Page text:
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Can You Work While Applying for Social Security Disability Benefits?

worker

Applying for Social Security disability benefits can take months, even years. In the meantime, many applicants struggle to make ends meet.

Can you work while applying for Social Security disability benefits? Maybe. It depends on:

  • Your gross monthly income
  • Which disability program you’re applying for
  • How many hours you’re working
  • How long you intend to work or remain in the workforce

1. What Is Your Gross Monthly Income?

income

Social Security evaluates candidates for disability based on their ability to perform substantial gainful activity (SGA). SGA is measured by a certain amount of monthly income.

What Is Substantial Gainful Activity?

Work is “substantial” if it involves significant physical and/or mental activities. It’s “gainful” if it is done for pay or profit.

So how much do you have to make to engage in SGA? The amount changes nearly every year to keep up with inflation. It consists of a person’s gross monthly income (i.e., before taxes) minus any impairment-related work expenses.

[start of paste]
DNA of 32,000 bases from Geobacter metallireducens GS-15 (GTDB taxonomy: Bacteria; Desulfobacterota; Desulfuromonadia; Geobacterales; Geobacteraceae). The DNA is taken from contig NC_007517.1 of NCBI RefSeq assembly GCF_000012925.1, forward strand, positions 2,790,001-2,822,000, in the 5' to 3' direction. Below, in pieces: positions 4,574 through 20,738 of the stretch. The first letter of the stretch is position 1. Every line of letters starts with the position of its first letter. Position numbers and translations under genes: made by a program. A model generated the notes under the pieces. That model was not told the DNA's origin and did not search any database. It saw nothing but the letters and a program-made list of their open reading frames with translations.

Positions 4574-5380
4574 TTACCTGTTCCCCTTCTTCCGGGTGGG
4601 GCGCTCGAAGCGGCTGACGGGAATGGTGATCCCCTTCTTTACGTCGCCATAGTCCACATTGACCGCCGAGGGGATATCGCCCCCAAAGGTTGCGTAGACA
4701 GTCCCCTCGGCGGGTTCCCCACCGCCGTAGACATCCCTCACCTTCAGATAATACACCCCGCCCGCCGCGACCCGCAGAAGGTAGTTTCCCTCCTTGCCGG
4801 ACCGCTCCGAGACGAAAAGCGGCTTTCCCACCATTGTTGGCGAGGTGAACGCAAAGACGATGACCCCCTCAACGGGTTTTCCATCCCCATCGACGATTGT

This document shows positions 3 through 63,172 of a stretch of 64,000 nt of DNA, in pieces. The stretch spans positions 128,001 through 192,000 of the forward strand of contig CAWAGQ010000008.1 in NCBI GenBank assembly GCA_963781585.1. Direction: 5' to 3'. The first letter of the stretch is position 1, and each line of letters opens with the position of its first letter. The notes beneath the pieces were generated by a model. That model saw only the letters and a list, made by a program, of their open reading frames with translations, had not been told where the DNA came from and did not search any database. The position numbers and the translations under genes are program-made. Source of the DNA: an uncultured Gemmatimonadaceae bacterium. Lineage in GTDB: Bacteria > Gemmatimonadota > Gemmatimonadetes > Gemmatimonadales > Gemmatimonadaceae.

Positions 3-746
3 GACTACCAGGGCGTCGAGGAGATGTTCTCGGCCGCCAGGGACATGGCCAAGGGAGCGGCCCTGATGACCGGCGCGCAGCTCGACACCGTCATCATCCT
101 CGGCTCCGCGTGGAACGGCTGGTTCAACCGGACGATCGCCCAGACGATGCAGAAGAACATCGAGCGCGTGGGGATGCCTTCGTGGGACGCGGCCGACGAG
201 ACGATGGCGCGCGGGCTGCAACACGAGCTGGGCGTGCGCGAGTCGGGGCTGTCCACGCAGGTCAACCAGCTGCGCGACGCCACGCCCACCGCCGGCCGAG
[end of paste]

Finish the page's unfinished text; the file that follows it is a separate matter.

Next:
Work is ‘substantial’ if it involves significant physical and/or mental activities… [and] ‘gainful’ if it is done for pay or profit.

In 2019, SGA is $1,220 a month for non-blind individuals and $2,040 for individuals who are statutorily blind.

That means that if your gross monthly income is more than $1,220 (or $2,040 if you are blind), then you will likely be denied for disability benefits.

2. Which Disability Benefit Program Are You Applying For?

applying-for-disability

There are two types of Social Security disability programs: